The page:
Johnson then ran a whole general election on just how fantastic his deal was, and every candidate had to pledge that they would vote for it, unaltered, as a condition of standing, rooting out anyone who objected. Johnson got elected with a majority of 80, and passed his deal soon afterwards. Done, problem solved, surely?

Of course not. Despite having claimed personal responsibility for the deal and making every single Conservative MP pledge their unqualified support for it, Johnson and his Brexiteer boosters soon found they hated the deal – largely because of its Northern Ireland issues, but because of the huge queues and congestion it created at ports.

As we’ve had a summer in which Johnson was defenestrated for reasons largely unrelated to Brexit, the thinktanks and bloviators on Brexit have taken their opportunity to say what the next prime minister should do in his place. Unfortunately for that lucky candidate, they are no more coherent this time than they ever were before.

In an interview with the Sunday Times, Wetherspoons boss Tim Martin complained about “the fucking tariffs”, saying if we just got rid of those, Brexit would work fine. There are several issues with this, the first being the EU doesn’t have tariffs on any goods travelling within its customs union, which Martin and others insisted we had to leave.

The bigger problem, though, is that tariffs aren’t what’s causing the problem. An independent UK brewery that actually featured in a government Brexit export opportunities advert revealed last weekend that because of all the form-filling and red tape for buyer and seller, its EU exports had actually fallen from £600,000 to just £2,000 a year. Zero tariffs would do nothing to fix that.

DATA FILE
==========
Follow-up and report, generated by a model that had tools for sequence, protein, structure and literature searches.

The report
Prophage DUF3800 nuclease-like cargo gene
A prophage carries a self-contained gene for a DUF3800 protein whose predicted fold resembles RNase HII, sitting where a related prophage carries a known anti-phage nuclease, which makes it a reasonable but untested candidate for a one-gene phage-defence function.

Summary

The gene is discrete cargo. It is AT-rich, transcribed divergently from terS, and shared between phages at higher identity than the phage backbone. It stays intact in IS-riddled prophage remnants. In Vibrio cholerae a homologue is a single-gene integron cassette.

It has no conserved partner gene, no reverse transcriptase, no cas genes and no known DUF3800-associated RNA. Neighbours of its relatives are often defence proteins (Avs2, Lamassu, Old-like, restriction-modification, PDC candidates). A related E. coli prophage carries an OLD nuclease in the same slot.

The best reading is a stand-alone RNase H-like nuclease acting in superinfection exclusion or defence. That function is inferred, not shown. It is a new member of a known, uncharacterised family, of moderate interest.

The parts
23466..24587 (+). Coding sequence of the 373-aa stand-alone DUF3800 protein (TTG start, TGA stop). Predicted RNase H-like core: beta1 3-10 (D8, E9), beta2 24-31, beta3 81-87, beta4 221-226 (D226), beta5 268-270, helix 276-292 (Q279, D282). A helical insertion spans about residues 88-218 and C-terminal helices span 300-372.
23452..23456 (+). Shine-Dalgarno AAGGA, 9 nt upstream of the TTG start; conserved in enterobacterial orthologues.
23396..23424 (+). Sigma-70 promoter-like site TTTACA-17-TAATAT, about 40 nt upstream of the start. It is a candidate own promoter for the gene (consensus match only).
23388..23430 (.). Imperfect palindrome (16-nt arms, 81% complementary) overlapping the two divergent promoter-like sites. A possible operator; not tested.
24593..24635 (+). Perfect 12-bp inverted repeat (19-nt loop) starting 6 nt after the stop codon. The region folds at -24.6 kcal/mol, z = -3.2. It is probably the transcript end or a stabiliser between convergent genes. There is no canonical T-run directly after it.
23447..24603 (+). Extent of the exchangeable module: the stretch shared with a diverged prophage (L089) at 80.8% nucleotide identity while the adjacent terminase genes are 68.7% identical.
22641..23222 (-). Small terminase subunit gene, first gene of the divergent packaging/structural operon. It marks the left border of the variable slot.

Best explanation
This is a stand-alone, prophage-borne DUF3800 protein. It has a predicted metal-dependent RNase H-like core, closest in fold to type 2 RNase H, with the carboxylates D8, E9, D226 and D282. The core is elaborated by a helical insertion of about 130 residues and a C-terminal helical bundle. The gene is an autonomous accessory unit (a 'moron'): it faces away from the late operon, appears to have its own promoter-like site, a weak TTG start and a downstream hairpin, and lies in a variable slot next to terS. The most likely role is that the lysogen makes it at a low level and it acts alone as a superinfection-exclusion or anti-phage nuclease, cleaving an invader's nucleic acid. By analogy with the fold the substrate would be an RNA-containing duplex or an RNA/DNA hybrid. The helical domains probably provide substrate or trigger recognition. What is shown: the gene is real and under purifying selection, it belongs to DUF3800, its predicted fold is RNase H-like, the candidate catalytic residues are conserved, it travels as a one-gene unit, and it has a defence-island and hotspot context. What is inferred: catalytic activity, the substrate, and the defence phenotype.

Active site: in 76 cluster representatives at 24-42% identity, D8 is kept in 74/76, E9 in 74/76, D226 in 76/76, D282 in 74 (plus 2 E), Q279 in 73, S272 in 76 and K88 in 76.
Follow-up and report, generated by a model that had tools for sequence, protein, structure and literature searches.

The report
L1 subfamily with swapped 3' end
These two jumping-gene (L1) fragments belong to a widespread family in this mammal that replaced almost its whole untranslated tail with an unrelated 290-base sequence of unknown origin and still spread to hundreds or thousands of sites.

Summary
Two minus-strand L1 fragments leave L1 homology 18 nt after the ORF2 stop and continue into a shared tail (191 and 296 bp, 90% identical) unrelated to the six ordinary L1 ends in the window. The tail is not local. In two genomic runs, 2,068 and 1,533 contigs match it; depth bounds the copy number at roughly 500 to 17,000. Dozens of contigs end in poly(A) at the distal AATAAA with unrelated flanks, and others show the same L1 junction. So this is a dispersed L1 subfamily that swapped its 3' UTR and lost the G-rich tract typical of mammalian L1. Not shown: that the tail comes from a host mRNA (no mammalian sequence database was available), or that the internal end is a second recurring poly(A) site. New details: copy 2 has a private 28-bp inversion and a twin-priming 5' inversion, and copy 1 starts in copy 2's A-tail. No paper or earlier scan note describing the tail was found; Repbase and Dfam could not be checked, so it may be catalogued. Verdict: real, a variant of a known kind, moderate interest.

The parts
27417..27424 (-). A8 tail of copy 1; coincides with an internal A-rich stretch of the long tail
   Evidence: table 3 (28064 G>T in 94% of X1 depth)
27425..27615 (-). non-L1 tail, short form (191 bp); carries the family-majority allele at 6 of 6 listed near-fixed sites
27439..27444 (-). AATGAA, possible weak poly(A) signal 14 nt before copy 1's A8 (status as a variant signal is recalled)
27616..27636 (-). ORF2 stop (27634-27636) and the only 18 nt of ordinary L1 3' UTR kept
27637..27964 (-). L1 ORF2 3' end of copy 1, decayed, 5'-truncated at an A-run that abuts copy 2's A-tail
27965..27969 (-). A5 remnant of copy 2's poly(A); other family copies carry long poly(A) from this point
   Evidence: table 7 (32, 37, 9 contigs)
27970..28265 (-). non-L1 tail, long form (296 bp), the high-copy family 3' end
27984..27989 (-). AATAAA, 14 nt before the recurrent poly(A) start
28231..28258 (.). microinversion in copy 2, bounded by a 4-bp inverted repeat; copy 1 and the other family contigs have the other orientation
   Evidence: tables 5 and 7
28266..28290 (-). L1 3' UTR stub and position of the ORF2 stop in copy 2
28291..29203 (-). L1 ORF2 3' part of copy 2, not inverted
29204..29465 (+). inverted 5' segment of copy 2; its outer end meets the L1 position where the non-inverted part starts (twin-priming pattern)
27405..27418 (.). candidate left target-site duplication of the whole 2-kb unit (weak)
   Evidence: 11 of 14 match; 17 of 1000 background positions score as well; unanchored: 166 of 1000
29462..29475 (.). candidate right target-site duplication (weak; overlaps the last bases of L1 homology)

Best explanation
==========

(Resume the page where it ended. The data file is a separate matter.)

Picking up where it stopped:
Other Brexit boosters have a more mixed grab-bag of ideas. The Bruges
Group, which has the dubious claim of providing the long-term philosophical case for Brexit, was outraged at Johnson’s removal, and may quietly be alarmed that Truss was, in 2016 at least, a supporter of the Remain campaign.

But it hasn’t hesitated to use the summer to boost articles by arch-Brexit economist (in name only) Patrick Minford on tax and spend policies, to boost climate denialism in a summer where one-third of Pakistan is under water while Europe had its driest summer in 500 years. Its chairman appeared on GB News arguing against maximum pay for CEOs, while the thinktank celebrated the proposals for a British Bill of Rights that would minimise the role of the European Court of Human Rights.

But perhaps the biggest treats come from the Centre for Brexit Policy, a